The West

Sports coupe market redefined
Sports coupe market redefined

For the past two years Toyota has been promising to start building cars that stir the emotions and bring passion and excitement back to the brand.

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The car developed by the world's biggest manufacturer to deliver this transformation is the 86 - a 2+2 sports coupe designed and built in conjunction with Subaru.

This week Toyota launched the new 86 in Australia and it made an immediate impact.

It is a car that will redefine the small sports coupe market and Toyota as a brand.

The 86 delivers on every aspect promised by Toyota boss Akio Toyoda in 2009 when he announced that the company needed to change the way it built cars.

Before the Australian launch Wheels magazine conducted a head-to-head test with the then-unpriced 86 and a $115,000 Porsche Cayman - one of the world's best mid-engined sports cars.

The magazine conducted the comparison because Toyota used the Cayman as the benchmark throughout the development of its sports car, the first to wear a Toyota badge since the demise of the MR2 in 2007.

The fact that Australia's most respected car magazine dared to pit a Toyota against a Porsche was unusual. At the end of the test they declared the Toyota the winner. It was a massive accolade for the Japanese car maker.

When Toyota announced the 86 would have a starting price of $29,990 (making it just over 25 per cent of the cost of a Cayman) it became even greater.

After I spent a day behind the wheel at the national launch in Canberra earlier this week, the magazine's decision is a lot easier to comprehend.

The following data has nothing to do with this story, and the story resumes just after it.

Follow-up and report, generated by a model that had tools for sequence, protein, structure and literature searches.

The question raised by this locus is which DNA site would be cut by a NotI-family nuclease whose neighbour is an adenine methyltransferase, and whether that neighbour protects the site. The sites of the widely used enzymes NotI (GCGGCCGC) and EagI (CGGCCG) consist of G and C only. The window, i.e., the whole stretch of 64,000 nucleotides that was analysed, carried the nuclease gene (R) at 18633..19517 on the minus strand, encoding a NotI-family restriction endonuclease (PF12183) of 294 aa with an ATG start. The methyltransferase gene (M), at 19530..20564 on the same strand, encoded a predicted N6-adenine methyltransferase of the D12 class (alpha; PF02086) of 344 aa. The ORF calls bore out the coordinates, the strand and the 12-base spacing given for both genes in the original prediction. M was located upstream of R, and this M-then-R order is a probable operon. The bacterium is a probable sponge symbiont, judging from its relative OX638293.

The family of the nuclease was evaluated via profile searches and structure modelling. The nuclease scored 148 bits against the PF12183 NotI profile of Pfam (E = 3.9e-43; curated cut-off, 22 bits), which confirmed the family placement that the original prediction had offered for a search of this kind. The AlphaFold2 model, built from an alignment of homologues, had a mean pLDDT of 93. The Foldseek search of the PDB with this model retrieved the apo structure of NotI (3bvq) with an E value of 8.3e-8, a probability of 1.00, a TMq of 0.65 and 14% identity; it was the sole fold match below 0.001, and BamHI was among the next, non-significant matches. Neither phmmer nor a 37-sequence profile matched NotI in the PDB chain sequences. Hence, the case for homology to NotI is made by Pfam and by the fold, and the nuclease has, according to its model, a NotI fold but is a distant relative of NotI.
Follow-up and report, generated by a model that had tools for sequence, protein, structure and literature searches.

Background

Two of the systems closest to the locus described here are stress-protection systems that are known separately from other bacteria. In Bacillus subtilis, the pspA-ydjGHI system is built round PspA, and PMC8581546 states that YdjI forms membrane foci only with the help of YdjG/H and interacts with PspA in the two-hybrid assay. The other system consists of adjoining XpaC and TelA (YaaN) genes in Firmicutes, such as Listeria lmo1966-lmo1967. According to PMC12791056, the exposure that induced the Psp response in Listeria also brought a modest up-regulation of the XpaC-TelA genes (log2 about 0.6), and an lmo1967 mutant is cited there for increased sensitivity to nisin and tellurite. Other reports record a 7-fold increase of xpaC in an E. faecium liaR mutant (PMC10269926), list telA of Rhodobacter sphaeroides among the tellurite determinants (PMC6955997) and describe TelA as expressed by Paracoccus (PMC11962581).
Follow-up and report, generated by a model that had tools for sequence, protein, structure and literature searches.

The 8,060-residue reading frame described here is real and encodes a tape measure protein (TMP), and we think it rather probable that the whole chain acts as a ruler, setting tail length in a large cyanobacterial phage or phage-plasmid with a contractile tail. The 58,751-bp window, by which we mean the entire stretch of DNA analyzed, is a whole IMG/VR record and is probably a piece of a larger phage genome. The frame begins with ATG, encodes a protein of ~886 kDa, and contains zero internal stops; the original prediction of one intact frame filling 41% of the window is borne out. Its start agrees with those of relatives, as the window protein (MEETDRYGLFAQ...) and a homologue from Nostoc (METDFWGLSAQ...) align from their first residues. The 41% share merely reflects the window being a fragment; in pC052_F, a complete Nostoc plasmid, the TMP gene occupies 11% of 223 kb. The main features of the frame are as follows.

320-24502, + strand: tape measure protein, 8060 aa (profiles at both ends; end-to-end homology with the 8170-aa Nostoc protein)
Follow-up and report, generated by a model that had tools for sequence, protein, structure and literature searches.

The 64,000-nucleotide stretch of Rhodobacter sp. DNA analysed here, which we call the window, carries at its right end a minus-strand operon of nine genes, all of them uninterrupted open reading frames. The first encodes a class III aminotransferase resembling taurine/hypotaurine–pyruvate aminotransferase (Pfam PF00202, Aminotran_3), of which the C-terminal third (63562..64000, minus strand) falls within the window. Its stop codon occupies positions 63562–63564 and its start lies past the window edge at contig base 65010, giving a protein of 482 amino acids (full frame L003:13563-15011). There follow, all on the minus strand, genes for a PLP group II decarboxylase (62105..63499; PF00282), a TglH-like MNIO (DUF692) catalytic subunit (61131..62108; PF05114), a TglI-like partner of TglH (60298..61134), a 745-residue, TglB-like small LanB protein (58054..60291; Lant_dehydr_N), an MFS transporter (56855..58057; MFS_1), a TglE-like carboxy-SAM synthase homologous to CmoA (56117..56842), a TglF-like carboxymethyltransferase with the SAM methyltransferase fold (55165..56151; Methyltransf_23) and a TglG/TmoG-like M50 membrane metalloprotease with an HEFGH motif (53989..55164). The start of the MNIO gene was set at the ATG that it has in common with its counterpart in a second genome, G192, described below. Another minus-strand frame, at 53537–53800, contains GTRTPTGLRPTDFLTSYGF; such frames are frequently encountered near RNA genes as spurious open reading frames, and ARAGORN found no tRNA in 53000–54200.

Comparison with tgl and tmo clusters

The 86 is a superb driver's car that is beautifully balanced, responds to every input, handles superbly and is surprisingly quick.

From the time the 86 was first conceived, driver enjoyment was the primary focus.

With that in mind, don't expect to find comfortable back seats in this 2+2 coupe; they are parcel shelves with seat belts.

Likewise, boot space is not great but, according to Toyota, if you lay the back seat down (although that is not an easy process) you will be able to carry a set of racing tyres for track events.

What you will get is a car that will be unmatched in driving enjoyment and performance.

Toyota is offering the 86 in two grades - GT and GTS - both powered by a newly developed direct-injection 147kW 2.0-litre flat-four engine that revs freely to 7450rpm and has a high compression ratio of 12.5:1.

Both the power train and driving position have been set as low and as far back as possible to optimise balance, giving the car a near-perfect 53:47 weight distribution.

Fuel economy is remarkable for a sports car - 7.8L/100km for the manual and an even better 7.1L/100km for the automatic.

Comprehensive weight-saving measures, resulting in a kerb weight of just 1222kg, have contributed to handling and economy as well as a power-to- weight ratio of 120kW/tonne.


Even before Toyota had announced the pricing of the 86 it held more than 500 orders for its new sports coupe. With pricing coming in at $5000 less than even the most optimistic predictions, inquiries have lifted substantially.

Toyota marketing manager, Matthew Callachor, said that within hours of the price being revealed dealers were taking new orders.

While that is good news for Toyota it is not so good for potential customers. Even if you went into a dealer today you are likely to be faced with at least a three-month wait for your car.

Toyota Australia has been restricted to just 250 cars a month with little opportunity to increase that number because of its popularity in Japan and the US.


GT manual $29,990
GT auto $32,490
GTS manual $35,490
GTS auto $37,990

The West Australian

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